The Volkswagen Arena is a two-tier stadium with a surrounding promenade. The lower level has an inclination of approximately 25 degrees, the upper level 40 degrees. The ground area of the entire plot is around 115,000 square metres and the floor space of the stadium is around 28,000 square metres. The stadium's capacity of 30,000 consists of 22,000 seats and 8,000 standing places. The standing places can be converted into 4,000 seats. The guest block of the Volkswagen Arena contains 1,886 seats and 900 standing places with separate kiosks and toilet areas. All seats in the Volkswagen Arena are completely covered.
A total of 31 boxes with 332 seats are available at the stadium, which also offers 198 so-called Executive Seats, which are integrated into the VIP block, and 1,434 Business Seats with direct access to restaurants. The Volkswagen Arena is home to a 102-square-metre-large Skylounge above both grandstands with 35 seats. This offers a view of the entire stadium and is also used as a venue for other events and even weddings. The control room, which houses systems such as the fire alarm system and police equipment, is located above the Skylounge.
The special features of the Volkswagen Arena include seats and spaces for people with disabilities and their companions. Spectators with impaired vision are provided with a total of 10 seats with headphones so that they can hear the commentator during the match. Furthermore, 80 spaces are available for spectators in wheelchairs. Families with children can book seats in a separate area at the Volkswagen Arena. The VfL Wolfsburg also offers childcare during all home games at the stadium. A separate area is provided for younger and shorter spectators so that they can get a better view of the match.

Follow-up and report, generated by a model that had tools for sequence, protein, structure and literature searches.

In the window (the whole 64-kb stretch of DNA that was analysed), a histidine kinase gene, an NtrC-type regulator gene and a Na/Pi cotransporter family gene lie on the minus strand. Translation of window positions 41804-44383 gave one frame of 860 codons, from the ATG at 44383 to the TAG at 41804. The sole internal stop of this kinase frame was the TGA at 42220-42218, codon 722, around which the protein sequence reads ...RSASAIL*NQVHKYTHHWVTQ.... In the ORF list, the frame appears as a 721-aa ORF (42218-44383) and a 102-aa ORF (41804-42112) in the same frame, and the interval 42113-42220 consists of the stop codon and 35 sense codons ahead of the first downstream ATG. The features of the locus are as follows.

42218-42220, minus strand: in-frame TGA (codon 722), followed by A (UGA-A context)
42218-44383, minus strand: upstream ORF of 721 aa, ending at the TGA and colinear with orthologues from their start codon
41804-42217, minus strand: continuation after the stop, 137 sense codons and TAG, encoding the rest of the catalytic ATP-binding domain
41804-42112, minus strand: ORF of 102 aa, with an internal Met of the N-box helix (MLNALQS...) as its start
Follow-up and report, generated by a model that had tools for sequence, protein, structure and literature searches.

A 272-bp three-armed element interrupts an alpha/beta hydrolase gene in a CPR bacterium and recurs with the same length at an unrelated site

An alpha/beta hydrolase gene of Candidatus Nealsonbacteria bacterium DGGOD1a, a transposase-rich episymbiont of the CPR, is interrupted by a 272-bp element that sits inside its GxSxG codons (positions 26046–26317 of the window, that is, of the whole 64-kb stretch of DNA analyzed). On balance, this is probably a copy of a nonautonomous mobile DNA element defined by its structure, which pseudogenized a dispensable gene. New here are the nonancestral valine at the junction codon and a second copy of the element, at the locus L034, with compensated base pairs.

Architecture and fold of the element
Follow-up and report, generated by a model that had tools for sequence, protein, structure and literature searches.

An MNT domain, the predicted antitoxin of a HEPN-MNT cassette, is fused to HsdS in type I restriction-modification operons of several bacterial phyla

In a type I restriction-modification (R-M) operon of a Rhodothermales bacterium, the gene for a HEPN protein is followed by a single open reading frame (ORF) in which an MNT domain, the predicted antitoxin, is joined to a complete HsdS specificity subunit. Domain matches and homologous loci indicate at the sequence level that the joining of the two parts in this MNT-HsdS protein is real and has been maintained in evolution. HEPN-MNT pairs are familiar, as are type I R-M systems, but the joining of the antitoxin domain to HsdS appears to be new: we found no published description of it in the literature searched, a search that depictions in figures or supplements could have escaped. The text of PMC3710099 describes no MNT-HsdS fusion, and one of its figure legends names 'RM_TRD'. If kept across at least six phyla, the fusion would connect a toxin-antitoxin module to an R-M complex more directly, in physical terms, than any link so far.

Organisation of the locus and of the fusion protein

The floodlighting of the Volkswagen Arena consists of more than 170 elements with lamps, each weighing about 35 kilos. They are all mounted under the roof and together produce about 1,500 lux. The 84 speakers in the stadium, which weigh 120 kilos each and are likewise mounted under the roof, produce a total of 600 watts. There are also two video walls covering an area of 53 square metres in the stadium. The pitch is covered in hybrid grass, which is natural grass that is reinforced with synthetic fibres, thus improving its weatherability. The Volkswagen Arena was the first Bundesliga stadium to introduce such a system. From the outset, the pitch has been heated so that matches can be played regardless of ice and snow.
The builder and owner of the Volkswagen Arena has always been the Wolfsburg AG. In 2002, the stadium was handed over to the VfL Wolfsburg-Fußball GmbH, which has been responsible for its operation ever since. 100 percent of the shares in the company are held by Volkswagen AG, which also sponsors the VfL Wolfsburg men's, women's and youth teams. Volkswagen's commitment to VfL Wolfsburg was already the subject of media reports before the construction of the Volkswagen Arena. In recent years, the link between the Volkswagen Group and the football club has also been discussed several times. The financing of the Volkswagen Arena was split evenly between Volkswagen and Wolfsburg AG. Given that Volkswagen also owns half of the shares of Wolfsburg AG, the city of Wolfsburg owns a calculated share of 25 percent. The Norddeutsche Landesbank provided a loan running into millions of euros for the financing of the Volkswagen Arena, which is to be repaid over the course of 29 years.
The first and only international match of the German national football team in the Volkswagen Arena to date was held on 1 June 2003, when the German team defeated the Canadian national football team with a final score of 4-1. Furthermore, the men's national teams of Poland and Croatia played at the stadium in the run-up to the 2006 FIFA World Cup, when Poland won the friendly match with a final score of 1-0. The Volkswagen Arena was also used as a venue of the 2011 FIFA Women's World Cup. During the tournament, the stadium was called the "Arena in Allerpark Wolfsburg". The temporary renaming of the stadium was welcomed by the operators because it attracted more attention to the Allerpark, thus enabling it to become better known. The German women's national football team was eliminated from the tournament with a 1-0 loss against the Japanese women's national team in Wolfsburg.